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MAY 31 POLL: New Hampshire: Trump Ties Clinton Trump 44% Clinton 44%


New Hampshire: Trump vs. Clinton Boston Herald/FPU Clinton 44, Trump 44 Tie

The Bernie Sanders Scandals Exposed! There are so many of them I can't keep up! Where's the media?

Oooppsss! I meant the Bernie Sanders sandals. Sorry about that.


"We may be just this screwed: Trump has an easier path to victory over Clinton than you think"

We may be just this screwed: Donald Trump has an easier path to victory than you think
Trump and Clinton share very high negatives. Hillary's may end up being harder to turn around
by Musa al-Gharbi
May 29, 2016

Nonetheless, the prevailing narrative is that while there is now a chance that Trump could actually win in November, it’s basically Hillary Clinton’s election to lose. Pundits focus on “fundamentals,” like Hillary’s superior fundraising, analytics, or ground game; however, these haven’t proven terribly predictive this cycle. And by focusing on conventional elements, analysts seem to be overlooking novel dynamics which are likely more important—specifically, the public’s persistent and negative perception of Hillary Clinton, the incumbency handicap, and a phenomenon I call “negative intersectionality.”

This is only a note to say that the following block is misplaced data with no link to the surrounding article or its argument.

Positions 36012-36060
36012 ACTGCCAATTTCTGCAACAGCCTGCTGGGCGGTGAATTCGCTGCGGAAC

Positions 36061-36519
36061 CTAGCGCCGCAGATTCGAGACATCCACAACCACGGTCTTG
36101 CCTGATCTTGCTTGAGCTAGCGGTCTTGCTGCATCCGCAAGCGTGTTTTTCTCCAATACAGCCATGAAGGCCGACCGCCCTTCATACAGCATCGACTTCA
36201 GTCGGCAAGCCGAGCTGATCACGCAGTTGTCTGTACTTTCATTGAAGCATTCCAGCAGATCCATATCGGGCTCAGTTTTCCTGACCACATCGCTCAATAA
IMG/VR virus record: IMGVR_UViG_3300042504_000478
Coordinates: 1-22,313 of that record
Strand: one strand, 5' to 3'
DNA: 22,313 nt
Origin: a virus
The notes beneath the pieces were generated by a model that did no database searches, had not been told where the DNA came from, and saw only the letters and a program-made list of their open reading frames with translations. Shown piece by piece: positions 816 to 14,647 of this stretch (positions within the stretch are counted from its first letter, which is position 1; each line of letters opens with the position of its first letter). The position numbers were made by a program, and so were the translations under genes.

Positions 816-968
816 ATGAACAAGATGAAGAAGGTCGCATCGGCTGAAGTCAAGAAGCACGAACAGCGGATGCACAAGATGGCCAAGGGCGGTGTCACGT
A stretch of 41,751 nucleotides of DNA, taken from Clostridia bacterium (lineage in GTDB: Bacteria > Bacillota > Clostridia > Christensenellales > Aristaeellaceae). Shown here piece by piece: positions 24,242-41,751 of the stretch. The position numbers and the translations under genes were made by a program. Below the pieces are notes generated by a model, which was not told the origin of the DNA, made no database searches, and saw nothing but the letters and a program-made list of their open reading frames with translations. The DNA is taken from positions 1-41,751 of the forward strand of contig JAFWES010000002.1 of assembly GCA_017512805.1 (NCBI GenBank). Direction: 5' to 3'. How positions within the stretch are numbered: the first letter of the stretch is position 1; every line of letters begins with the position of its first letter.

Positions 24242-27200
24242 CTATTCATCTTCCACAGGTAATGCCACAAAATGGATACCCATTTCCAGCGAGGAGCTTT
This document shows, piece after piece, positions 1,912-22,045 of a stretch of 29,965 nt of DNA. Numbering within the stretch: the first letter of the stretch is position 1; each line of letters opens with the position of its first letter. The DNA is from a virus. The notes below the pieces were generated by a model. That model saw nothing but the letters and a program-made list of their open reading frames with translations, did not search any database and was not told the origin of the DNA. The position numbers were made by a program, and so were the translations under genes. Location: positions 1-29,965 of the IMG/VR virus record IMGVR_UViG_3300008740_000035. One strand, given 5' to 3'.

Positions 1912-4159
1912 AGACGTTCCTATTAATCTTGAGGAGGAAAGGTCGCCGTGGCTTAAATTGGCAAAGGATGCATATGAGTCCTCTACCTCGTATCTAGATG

Both Trump and Clinton hold historically unprecedented unfavorable ratings among likely voters. Of the two, Clinton has held a slight edge—however, the gap between them has been rapidly closing. And here’s the kicker: While it is true that the public is very familiar with both Trump and Clinton due to their decades-long careers in public life, Trump has been in the limelight primarily as a businessman and entertainer. People are just now discovering “Trump the politician”—and as a result, their views on Trump as a politician are malleable. The Clinton team views this as an opportunity, and are attempting to define him before he gets a chance to define himself. However, the flip side is that while Trump’s numbers are currently low, there is a real opportunity for him to radically change public perception for the better. And he has tasked Paul Manafort with this responsibility—a man who, after orchestrating Ronald Reagan’s landslide victories, went on to build a highly successful career rehabilitating the image of dictators and strongmen. He’s made for this job. Expect Trump’s numbers to rise.